Saturday, May 11, 2013

Bringing up "Bi" babies

Bilingual, that is.  The other day my Canadian friend came over for a playdate with her two kids.  I met this family less than a year ago in the park when I heard them speaking English.  The kids' Sesame Street rain slickers showed me once again that they weren't from around here.  The first time her little girl came over, Remi and I gushed at how she sunk her plump little hands into Catki's fur and said "fluffy!" in her pipsqueak voice.  Juliette spoke English already of course, but it was funny to hear another little tike on our balcony saying things that were so typical of my language. 

But this time when the nearly five and three and a half year-olds stopped by to see Juliette, they tended to communicate in... French?!  The Canadian mom and I kept saying, "You guys, you all speak English, ya know?  You can speak English together!"  They eventually went back and forth, lingusitically speaking, playing hide and seek and saying "Ready or not, here I come!"  But this pre-school crowd spent a lot of time as if they were on their school recess playground, saying, "T'es vilain, toi!" (you're naughty!).

Afterwards I realized with a pinch of sadness that for our kids the opportunity to speak in English with other native speakers (or bilingual kids) wasn't the priority it was for the moms.  Whereas I will sometimes stalk other English speakers in the grocery store or watch mediocre TV just because I can get it in English, Juliette doesn't necessarily have the same burning desire.  And I am reminded that even though she can communicate perfectly with me in English and sometimes prefers her cartoons in English, she has TWO languages and TWO cultures.  Why should I imagine she will favor mine?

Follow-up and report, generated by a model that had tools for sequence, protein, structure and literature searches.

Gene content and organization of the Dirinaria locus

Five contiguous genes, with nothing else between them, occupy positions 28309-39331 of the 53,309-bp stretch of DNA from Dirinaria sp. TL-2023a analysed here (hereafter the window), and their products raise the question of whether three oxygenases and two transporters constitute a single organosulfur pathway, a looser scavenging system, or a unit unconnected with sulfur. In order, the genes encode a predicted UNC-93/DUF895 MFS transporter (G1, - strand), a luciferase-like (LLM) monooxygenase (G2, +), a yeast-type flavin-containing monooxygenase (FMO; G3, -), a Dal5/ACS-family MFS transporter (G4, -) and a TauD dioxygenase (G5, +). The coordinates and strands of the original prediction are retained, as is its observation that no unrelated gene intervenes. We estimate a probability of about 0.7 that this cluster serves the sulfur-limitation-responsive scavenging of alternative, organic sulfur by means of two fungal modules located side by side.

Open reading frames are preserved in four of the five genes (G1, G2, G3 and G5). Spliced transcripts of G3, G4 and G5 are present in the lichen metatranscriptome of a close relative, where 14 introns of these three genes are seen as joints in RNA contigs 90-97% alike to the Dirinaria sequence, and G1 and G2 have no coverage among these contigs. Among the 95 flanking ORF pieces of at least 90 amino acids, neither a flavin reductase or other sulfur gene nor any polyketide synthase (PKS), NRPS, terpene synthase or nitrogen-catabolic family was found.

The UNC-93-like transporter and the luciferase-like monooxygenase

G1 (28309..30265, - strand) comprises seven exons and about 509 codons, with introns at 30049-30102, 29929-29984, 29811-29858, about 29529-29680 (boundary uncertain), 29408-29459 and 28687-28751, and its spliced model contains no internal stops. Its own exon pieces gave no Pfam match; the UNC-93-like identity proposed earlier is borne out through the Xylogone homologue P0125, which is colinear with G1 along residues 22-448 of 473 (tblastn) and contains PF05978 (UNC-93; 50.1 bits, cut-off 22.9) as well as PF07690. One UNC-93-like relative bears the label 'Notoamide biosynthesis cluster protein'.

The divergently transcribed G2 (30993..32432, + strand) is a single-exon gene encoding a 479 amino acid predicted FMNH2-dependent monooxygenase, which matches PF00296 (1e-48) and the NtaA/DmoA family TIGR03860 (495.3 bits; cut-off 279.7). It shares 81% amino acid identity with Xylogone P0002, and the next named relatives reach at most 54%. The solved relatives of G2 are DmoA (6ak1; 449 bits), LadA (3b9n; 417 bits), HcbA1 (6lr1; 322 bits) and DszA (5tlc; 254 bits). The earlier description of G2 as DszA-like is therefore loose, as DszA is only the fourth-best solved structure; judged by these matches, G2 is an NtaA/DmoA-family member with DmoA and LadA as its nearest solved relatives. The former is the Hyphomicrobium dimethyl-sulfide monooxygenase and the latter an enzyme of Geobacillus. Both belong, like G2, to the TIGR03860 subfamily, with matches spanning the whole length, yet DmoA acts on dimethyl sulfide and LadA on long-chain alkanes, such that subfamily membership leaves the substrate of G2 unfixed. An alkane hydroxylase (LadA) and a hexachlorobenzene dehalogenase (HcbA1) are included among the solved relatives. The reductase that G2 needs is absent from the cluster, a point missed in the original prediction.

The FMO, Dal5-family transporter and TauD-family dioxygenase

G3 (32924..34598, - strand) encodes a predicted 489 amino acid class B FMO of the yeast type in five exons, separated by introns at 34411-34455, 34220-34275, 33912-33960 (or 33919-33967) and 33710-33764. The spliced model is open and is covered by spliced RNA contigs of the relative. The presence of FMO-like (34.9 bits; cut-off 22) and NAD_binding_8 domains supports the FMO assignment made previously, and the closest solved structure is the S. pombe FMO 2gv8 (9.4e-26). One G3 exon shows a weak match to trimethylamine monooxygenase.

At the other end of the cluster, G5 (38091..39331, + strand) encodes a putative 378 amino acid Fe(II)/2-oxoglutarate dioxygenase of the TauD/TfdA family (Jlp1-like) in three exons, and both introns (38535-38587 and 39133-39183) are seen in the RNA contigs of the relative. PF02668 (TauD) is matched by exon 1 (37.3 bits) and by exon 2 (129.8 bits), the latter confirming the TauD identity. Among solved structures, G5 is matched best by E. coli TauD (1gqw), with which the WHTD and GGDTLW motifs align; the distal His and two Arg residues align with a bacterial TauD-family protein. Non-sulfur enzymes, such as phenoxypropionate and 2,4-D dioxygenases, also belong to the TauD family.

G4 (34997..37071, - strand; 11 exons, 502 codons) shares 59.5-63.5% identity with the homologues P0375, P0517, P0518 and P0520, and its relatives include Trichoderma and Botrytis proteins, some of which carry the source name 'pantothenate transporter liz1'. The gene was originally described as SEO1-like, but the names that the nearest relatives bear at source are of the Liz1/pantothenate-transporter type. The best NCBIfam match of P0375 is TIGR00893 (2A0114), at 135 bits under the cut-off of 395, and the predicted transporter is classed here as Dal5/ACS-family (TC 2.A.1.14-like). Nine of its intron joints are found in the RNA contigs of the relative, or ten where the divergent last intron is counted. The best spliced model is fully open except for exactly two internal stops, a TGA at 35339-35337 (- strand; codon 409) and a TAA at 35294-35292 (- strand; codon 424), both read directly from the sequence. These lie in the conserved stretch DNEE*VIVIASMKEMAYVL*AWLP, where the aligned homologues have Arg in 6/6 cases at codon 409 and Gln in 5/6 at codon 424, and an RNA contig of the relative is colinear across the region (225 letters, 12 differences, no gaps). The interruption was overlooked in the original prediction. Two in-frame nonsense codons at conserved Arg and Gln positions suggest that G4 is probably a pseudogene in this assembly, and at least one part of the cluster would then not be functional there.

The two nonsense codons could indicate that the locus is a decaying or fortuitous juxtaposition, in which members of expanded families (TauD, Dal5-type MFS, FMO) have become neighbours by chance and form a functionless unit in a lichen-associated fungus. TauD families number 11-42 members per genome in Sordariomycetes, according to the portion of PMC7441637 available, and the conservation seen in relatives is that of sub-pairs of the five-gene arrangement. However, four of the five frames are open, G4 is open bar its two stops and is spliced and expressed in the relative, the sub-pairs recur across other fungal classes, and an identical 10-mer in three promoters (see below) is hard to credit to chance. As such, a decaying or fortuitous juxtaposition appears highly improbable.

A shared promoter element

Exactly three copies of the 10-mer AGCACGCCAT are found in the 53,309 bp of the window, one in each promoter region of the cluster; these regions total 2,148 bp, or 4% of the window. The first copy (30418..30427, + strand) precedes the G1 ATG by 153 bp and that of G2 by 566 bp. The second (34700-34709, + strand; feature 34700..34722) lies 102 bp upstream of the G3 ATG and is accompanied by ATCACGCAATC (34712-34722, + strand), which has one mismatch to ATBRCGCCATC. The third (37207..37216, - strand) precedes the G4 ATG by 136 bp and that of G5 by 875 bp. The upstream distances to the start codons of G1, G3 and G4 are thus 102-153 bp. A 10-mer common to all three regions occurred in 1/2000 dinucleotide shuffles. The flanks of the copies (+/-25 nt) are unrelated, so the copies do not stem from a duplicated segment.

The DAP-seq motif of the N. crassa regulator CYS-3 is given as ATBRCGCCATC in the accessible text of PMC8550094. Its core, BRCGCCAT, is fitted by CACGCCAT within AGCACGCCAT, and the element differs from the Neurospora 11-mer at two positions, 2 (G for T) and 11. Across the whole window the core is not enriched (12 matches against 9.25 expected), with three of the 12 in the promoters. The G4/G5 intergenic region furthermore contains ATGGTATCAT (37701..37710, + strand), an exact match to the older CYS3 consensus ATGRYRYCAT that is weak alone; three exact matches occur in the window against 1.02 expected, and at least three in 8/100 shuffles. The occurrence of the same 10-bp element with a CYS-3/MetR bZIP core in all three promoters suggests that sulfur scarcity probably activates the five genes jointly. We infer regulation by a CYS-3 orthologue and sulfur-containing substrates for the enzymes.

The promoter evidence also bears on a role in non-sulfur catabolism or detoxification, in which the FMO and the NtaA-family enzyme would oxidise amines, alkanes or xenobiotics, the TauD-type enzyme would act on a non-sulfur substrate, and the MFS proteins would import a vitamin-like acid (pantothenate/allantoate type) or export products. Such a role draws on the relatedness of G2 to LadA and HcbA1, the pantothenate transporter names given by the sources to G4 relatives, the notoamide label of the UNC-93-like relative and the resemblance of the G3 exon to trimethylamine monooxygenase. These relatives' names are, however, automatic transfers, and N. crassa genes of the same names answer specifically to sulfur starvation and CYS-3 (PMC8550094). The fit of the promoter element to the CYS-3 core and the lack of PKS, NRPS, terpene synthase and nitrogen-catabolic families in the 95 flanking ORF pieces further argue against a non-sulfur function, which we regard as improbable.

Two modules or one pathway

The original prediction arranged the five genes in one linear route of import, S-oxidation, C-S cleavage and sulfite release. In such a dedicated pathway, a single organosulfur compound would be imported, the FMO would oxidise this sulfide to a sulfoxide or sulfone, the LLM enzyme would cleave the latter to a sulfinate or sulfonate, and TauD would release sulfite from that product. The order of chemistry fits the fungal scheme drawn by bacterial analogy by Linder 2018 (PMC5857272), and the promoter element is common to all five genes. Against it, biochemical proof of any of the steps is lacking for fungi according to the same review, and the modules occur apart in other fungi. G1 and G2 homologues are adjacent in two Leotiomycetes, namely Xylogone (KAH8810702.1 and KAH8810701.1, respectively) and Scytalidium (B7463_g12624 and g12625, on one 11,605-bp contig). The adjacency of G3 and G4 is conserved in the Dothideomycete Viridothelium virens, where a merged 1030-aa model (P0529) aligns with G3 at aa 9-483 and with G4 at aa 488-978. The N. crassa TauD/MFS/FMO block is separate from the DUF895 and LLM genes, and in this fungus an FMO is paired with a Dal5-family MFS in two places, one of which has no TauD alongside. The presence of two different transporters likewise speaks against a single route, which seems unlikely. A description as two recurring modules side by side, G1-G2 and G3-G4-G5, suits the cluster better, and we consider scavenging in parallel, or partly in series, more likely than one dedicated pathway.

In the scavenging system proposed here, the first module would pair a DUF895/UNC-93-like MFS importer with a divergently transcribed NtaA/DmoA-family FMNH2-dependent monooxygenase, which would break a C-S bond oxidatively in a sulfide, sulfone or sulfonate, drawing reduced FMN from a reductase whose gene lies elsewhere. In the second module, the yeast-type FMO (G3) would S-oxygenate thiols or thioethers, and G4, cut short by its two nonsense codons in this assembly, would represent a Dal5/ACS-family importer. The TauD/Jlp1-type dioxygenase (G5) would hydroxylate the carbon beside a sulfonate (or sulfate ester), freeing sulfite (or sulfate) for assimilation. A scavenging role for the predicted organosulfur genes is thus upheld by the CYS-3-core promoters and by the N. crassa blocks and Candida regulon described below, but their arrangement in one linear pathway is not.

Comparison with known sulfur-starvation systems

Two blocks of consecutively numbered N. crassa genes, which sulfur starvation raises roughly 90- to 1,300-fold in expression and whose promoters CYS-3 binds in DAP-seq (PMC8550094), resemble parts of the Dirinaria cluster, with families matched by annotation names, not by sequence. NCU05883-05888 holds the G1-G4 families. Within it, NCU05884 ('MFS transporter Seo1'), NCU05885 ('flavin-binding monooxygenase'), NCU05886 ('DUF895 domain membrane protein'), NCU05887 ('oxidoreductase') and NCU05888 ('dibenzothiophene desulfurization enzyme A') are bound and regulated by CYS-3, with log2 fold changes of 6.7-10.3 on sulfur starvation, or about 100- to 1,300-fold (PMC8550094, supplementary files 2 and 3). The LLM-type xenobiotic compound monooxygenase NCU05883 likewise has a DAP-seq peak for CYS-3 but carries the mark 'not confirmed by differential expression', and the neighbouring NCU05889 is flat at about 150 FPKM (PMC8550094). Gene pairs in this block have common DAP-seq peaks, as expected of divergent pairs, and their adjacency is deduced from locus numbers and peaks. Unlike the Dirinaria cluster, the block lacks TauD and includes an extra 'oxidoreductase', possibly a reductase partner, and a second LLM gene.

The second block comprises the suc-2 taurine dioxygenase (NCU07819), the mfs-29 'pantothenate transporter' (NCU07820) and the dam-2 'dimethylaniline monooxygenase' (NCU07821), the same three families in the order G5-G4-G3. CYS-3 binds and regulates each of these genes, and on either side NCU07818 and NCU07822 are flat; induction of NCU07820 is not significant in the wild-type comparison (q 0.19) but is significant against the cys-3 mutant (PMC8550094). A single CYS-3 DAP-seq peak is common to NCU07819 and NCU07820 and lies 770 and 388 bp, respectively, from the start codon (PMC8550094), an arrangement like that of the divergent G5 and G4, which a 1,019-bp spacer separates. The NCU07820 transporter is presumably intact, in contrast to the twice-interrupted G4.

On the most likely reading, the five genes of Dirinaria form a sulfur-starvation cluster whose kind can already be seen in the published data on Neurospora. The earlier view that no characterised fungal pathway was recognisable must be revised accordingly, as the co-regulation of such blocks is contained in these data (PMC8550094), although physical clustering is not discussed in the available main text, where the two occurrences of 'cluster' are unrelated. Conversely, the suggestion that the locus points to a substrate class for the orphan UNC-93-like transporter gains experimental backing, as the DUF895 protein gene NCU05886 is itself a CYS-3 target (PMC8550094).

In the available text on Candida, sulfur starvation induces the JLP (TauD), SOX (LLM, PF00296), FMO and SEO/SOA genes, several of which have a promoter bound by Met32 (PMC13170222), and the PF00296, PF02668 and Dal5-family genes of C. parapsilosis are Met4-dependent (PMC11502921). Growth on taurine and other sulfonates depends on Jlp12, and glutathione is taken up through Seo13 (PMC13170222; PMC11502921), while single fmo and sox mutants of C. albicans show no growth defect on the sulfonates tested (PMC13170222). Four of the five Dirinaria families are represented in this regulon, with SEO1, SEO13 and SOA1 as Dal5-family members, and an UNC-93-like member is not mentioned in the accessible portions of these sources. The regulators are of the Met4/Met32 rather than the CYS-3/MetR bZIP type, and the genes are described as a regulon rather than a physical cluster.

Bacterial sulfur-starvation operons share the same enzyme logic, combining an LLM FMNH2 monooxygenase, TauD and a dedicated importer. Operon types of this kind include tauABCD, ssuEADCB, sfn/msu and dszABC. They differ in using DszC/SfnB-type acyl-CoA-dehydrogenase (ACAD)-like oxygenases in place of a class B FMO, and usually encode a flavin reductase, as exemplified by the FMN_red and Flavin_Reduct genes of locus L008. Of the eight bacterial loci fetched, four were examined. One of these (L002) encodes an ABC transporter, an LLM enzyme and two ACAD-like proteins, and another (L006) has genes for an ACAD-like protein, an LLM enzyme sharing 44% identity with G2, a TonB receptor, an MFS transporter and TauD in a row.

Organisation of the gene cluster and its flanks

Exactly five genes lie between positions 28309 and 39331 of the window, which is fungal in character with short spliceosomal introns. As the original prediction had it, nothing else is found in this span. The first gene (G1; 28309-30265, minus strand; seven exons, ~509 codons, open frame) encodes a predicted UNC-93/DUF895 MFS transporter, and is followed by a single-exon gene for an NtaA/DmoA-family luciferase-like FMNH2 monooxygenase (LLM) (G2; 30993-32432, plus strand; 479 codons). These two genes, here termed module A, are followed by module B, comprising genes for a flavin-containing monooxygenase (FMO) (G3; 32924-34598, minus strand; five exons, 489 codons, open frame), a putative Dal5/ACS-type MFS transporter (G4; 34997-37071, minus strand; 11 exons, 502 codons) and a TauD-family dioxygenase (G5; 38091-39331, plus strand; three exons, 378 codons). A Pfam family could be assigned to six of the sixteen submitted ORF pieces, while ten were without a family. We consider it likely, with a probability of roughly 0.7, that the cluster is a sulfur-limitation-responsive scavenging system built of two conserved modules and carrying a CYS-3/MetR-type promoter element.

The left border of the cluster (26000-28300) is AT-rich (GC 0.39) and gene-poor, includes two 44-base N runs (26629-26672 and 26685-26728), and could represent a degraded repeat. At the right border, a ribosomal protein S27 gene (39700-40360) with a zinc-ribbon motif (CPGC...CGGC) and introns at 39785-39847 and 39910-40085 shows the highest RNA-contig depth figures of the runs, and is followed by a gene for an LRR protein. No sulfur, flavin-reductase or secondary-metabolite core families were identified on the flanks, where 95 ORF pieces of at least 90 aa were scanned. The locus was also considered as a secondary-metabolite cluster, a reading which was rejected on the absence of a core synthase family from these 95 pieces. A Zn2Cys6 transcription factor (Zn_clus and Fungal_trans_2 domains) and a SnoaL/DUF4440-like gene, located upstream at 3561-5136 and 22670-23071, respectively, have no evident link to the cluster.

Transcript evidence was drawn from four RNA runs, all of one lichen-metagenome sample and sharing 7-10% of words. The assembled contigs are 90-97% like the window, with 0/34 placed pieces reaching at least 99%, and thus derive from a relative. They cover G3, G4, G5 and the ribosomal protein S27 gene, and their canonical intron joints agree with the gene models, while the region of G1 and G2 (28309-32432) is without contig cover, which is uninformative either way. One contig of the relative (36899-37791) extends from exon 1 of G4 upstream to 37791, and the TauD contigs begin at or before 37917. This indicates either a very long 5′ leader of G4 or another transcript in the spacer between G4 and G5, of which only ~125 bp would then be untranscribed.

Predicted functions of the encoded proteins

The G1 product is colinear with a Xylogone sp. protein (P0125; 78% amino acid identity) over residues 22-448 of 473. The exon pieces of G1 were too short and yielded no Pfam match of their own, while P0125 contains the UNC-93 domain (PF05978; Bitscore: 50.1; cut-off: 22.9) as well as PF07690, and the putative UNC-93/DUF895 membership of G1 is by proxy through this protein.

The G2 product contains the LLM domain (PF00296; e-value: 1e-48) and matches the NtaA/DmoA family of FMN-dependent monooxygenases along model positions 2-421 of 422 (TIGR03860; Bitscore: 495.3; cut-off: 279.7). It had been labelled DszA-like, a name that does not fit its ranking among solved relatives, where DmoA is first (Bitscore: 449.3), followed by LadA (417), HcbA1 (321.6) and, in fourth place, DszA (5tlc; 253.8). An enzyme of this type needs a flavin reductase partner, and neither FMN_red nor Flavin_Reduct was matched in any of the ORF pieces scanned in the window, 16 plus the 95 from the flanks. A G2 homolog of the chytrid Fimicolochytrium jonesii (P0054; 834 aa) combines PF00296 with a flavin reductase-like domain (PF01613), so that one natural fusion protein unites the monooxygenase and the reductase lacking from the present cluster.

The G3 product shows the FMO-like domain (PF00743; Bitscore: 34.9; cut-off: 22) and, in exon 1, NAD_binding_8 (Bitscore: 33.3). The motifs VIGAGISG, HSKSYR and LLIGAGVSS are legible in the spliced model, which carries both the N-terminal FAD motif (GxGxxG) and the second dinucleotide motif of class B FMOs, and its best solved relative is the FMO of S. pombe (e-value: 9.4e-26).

Our old pediatrician did say English would always hold a special place in her heart, as it is literally her mother tongue.  And the other day when I told her she had two languages, she said spontaneously she was only going to speak English.  Even at school, I asked?  Well, maybe a little French in school, she replied.  

The other day I read her  a book called J'ai deux pays dans mon coeur  ("I have two countries in my heart").  I said this was her case, with America and France.  She replied pragmatically that she had three countries in her tummy, Playmobil, Horsies and something else I can't remember.  I was too busy stifling my laughs. 

So I must once again accept that my little girl is her own person, with her own experiences which will shape her view of the world.  I will always be proud to have taught her English but I can't force anything on her.  And that's a lesson any mom, bilingual or not, can tell you.


Lindle said...

I think this is one of your most touching posts. It is truly amazing how Juliette is so seamlessly learning her two languages, and sometimes comically so.

Crystal said...

I agree with Lindle - this was a memorable post that talks about the real internal struggle that expat moms must face. It really touched me.

And you have a new Canadian friend?? Have I been replaced? ;)

Deidre said...

Juliette is a lucky girl to be able to have those two cultures, but as a mom I can see how hard it would be.

Den nation said...

I love watching the the videos of Juliette speaking in English (and dancing).

You have a wonderful gift to share with her. I wish my parents had been so forthcoming with the Italian language when I was growing up. I did grow up hearing Italian, but there were no books, 1 visit to Italy and no encouragement to speak Italian.

Juliette is very lucky.